Firefighters work inside the building to open a door to another room that is full of flames.Bruce Garner
A fierce thunderstorm with heavy rainfall and lightning that lit up the sky caused street flooding and scattered power outages Tuesday night and early this morning.
As the storms intensified, Chattanooga firefighters responded to several fires thought to be caused by lightning strikes, according to Bruce Garner, department spokesman.
Fire investigators will determine the causes of the fires, he said.
Among the fires crews responded to during the storm are three described by Garner as the most extensive in terms of damage:
-- 6329 Jocelyn Drive
Battalion Chief Steve Swanson said flames were visible on the outside of the house when the first firefighters arrived.
Swanson said firefighters were able to get the fire out fairly quickly.
No injuries were reported, Garner said.
-- 2428 Baskette Way
This fire was visible from a few miles away as firefighters rushed to
the scene at 2428 Baskette Way. The structures were described as townhomes. Battalion Chief Bob Dixon said a 4-unit townhome complex was engulfed in flames.
Dixon called for an extra two fire companies to help get the blaze under control. Damage was extensive. Dixon said it appeared that everyone in the townhomes got out safely, Garner noted in the release.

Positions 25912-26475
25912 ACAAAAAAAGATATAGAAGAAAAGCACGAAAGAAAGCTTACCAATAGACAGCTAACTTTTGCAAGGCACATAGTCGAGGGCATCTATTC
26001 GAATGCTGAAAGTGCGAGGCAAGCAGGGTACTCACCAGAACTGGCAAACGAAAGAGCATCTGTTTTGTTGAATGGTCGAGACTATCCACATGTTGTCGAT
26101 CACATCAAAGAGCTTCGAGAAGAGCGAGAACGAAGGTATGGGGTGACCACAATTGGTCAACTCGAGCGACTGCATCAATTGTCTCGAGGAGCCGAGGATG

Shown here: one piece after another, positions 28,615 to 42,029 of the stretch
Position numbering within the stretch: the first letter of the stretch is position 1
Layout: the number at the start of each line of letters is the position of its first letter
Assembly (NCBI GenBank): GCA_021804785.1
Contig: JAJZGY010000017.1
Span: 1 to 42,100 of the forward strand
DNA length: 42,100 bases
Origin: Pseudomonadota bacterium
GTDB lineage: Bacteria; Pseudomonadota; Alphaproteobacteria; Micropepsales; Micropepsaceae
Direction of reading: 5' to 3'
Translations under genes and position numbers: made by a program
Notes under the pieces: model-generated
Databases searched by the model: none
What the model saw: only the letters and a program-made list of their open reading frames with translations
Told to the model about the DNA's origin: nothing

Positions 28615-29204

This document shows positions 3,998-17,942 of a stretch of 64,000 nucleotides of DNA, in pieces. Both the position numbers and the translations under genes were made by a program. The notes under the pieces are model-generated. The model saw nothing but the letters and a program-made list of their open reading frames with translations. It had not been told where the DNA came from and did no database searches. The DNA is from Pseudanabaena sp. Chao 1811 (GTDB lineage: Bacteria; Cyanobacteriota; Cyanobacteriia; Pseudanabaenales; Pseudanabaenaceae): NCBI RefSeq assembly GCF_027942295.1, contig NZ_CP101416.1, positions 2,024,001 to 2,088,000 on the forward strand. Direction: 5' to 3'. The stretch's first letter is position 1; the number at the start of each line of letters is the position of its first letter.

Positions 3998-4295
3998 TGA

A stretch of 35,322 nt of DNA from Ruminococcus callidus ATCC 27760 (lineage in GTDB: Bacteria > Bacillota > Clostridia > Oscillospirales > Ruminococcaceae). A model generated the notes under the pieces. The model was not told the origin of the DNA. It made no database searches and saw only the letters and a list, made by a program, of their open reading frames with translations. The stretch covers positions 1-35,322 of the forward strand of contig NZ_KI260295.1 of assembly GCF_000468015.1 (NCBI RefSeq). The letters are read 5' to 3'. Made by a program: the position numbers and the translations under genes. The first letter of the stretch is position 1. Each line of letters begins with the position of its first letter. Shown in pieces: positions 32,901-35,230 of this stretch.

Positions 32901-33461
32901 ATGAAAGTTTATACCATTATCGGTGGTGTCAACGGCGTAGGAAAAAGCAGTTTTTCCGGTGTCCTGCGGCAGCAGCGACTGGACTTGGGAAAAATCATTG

One firefighter was injured when a hose coupling struck him in the head. Dixon said the firefighter was transported by Hamilton County EMS to a local hospital, where he received a few stitches and was released.
-- 1919 Polymer Drive
Chattanooga firefighters with six fire companies rushed to a commercial fire at Lectrus Inc. at 1919 Polymer Drive. Flames were shooting through the roof of the large, metal building when the first firefighters arrived.
After about an hour, most of the fire had been brought under control, according to the news release. The fire damage to the building and its contents was extensive. Swanson said one firefighter was treated on the scene by Hamilton County EMS for heat exhaustion.
All of the employees in the building had made it out safely when the fire was discovered. Workers told firefighters that they saw a bright
flash and then heard what sounded like an explosion. Moments later, fire was discovered in the building, Garner said in the release.
Paul Reynolds, production supervisor for the night shift, said the
building was used mostly for storage and maintenance. He said Lectrus
employs about 250 people and makes electrical enclosures and solar
integrators. He said the fire will affect part of the operation, but not
all of it.
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